Provided for Review: Burn Our Bodies Down by Rory Power

Ever since Margot was born, it’s just been her and her mother. No answers to Margot’s questions about what came before. No history to hold on to. No relative to speak of. Just the two of them, stuck in their run-down apartment, struggling to get along.

But that’s not enough for Margot. She wants family. She wants a past. And she just found the key she needs to get it: a photograph, pointing her to a town called Phalene. Pointing her home. Only, when Margot gets there, it’s not what she bargained for.

Margot’s mother left for a reason. Was it to hide from her past? Or was it to protect Margot from what’s still there?

The only thing Margot knows for sure is there’s poison in their family tree, and their roots are dug so deeply in to Phalene that now that she’s there, she might never escape.

Many thanks to NetGalley, the publisher, and the author for providing this book for review.

Trigger warnings: Emotional manipulation, Emotional abuse, Mentions of gaslighting

For as long as Margot can remember, it’s just been her and her mom. The two of them just managing to scrape by. The struggle to make it from one day to the next becomes more and more difficult and at times the line between who is mother and who is daughter is blurred.

Desperate to try and stay in her mother’s good graces, Margot decides to try and buy back some of their things from the local pawn shop. Buried at the bottom of a box, Margot finds an old bible and tucked among the pages is a photograph. On the back is a name and a phone number as well as the name of a town – Phalene.

As pieces begin to come together, Margot believes she’s found what she’s been wanting her whole life. A family. It is only that the longer she spends there, the more she realizes not everything is as it seems. Even perfect families have their secrets.

Burn Our Bodies Down by Rory Power is one of those books that while the subject matter made it difficult to read at times, neither could I put the book down.

In the first chapter we are introduced to Margot and her mother Jo, and it is here we get our first glimpses of how dysfunctional their relationship is. Their relationship is not a good one, it could easily be described as toxic. A truth that Power does not shy away from and instead lays bare. In showing the dichotomy between Margot and her mother, we see the abuser and the abused. One feeding in to the other in a never ending cycle.

Burn Our Bodies Down is not an easy book to read. While classified as Young Adult, the subject matter might be a little too difficult for some readers. Truthfully, some adult readers might have trouble as well as some scenes could be considered triggering.

This does NOT mean that Burn Our Bodies Down is a bad book – the truth be told, I thought it was a very good book. It is only that a handful of scenes may hit a little too close to home for some readers and would thus take the enjoyment out of an otherwise enjoyable book.

Under most circumstances, I finish my reviews with the answer to the question of whether I would recommend this particular book to my readers or not. With Burn Our Bodies Down, I do recommend it but I also advise my readers to not go in blind.

Oddjobs (Oddjobs #1) by Heide Goody

It’s the end of the world as we know it, but someone still needs to do the paperwork.

Incomprehensible horrors from beyond are going to devour our world but that’s no excuse to get all emotional about it. Morag Murray works for the secret government organisation responsible for making sure the apocalypse goes as smoothly and as quietly as possible.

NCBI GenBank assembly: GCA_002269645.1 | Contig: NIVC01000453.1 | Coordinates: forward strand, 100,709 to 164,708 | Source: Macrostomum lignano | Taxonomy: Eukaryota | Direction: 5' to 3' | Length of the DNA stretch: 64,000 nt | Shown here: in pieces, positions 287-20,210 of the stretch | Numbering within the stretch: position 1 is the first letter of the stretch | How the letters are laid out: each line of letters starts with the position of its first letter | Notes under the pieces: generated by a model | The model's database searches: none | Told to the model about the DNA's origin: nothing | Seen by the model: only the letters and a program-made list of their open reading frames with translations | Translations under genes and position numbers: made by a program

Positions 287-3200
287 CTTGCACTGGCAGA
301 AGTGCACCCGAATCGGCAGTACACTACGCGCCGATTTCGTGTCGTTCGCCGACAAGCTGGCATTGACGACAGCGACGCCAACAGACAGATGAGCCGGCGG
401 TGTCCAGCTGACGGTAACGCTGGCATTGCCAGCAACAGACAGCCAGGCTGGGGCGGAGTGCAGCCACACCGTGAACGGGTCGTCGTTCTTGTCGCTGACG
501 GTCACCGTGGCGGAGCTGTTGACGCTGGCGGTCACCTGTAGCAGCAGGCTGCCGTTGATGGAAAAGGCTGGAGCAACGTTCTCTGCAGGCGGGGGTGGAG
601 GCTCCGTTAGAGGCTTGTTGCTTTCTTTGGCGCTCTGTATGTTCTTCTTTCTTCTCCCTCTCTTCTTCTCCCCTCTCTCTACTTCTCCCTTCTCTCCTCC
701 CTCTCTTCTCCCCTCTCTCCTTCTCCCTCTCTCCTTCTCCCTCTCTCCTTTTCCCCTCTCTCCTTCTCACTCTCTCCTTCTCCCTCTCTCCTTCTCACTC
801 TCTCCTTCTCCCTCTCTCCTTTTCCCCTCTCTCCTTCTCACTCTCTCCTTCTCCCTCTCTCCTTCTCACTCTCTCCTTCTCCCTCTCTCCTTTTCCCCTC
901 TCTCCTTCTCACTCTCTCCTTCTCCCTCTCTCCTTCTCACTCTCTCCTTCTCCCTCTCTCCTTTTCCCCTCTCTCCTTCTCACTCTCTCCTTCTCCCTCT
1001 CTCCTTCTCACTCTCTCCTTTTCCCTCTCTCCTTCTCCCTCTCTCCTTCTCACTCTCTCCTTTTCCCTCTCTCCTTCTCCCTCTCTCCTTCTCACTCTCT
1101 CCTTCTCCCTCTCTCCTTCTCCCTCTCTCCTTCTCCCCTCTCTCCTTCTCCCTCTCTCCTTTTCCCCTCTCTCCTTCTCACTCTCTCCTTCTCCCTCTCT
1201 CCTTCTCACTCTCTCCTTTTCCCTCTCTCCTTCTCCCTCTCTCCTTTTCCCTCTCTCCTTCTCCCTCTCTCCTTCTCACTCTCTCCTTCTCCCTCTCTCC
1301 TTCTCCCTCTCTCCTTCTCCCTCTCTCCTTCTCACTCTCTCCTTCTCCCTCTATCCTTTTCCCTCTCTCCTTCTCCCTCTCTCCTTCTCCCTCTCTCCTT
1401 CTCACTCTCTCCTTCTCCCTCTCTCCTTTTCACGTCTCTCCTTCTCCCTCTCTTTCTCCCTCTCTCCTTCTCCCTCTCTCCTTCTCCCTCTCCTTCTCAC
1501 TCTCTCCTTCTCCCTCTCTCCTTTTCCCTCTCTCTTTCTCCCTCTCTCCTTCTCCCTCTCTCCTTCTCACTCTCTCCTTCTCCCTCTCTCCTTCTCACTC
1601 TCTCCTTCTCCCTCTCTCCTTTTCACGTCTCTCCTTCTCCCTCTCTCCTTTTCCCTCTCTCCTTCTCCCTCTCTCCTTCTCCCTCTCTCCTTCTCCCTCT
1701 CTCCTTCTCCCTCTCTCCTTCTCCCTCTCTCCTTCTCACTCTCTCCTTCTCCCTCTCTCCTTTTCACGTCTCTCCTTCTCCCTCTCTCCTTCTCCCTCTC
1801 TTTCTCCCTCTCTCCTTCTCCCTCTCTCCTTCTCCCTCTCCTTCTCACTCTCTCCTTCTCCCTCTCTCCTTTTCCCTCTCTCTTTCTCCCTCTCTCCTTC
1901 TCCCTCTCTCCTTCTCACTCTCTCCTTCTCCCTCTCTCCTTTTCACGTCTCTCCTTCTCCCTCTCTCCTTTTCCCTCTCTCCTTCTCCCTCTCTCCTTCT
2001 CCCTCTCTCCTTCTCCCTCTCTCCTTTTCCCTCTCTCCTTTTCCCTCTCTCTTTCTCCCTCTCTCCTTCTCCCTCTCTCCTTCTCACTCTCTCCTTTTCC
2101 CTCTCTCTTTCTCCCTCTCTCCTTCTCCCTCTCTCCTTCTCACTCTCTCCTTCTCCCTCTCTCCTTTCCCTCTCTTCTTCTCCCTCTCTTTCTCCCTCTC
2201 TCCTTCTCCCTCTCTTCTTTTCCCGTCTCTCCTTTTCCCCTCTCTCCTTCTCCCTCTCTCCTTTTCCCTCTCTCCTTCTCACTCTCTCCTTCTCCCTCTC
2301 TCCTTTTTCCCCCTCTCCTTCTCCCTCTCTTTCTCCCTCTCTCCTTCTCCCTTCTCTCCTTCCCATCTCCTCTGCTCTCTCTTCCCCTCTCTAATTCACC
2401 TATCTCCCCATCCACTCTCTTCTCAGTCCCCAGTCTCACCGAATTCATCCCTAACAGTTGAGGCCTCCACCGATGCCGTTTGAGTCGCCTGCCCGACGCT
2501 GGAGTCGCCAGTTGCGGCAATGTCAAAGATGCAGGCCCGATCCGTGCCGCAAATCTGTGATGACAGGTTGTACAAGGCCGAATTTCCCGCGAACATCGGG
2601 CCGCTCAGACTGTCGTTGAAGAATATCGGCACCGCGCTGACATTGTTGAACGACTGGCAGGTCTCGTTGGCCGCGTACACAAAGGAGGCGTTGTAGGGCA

In her first week on the job, Morag has to hunt down a man-eating starfish, solve a supernatural murder and, if she’s got time, prevent her own inevitable death.

The first book in a new comedy series by the creators of ‘Clovenhoof’, Oddjobs is a sideswipe at the world of work and a fantastical adventure featuring amphibian wannabe gangstas, mad old cat ladies, ancient gods, apocalyptic scrabble, fish porn, telepathic curry and, possibly, the end of the world before the weekend.

The world as we know it may be ending but someone still needs to make sure the proper paperwork has been done.

Oddjobs is the first book in the series of the same name by Heide Goody and Iain Grant. It is a very British take on the Men in Black trope that has spawned several movies, books, and graphic novels. The main difference being while in Men in Black they were trying to stop the apocalypse, in Oddjobs they’re trying to make sure the process goes smoothly. If it’s going to happen anyway, why not make it as easy as possible? And maybe even bring in a few dollars with a line of incredibly cute and cuddly plushes?

As I said above, Oddjobs is a very British book. Peppered throughout are references to persons, places, and events that the average UK reader would recognize but other readers might not. On a handful of occasions I found myself having to look up things referenced simply to try and keep up with the storyline. Not that this is a bad thing per se, but it might throw off the average reader.

Oddjobs is a fast paced book and in some places quite funny. The cast of characters are an eclectic lot, each one bringing their own strengths to the team. While some background is given on each character, it is my hope that we learn more about every one with each subsequent novel.

I really enjoyed reading Oddjobs. As a fan of British sci-fi I found it to be an entertaining mix of seriousness and satire. Readers who are fans of this genre and like classics like Doctor Who and Red Dwarf are sure to like this one as well. Average readers might find the British-isms a bit confusing at time but I urge them to give this a try as well.

Provided for Review: Parabellum by Greg Hickey

A shooting at a Chicago beach leaves several dead and dozens injured. In the year before the attack, four individuals emerge as possible suspects.

An apathetic computer programmer.
An ex-college athlete with a history of head injuries.
An Army veteran turned Chicago cop.
A despondent high school student.

One of them is the shooter. Discover who and why.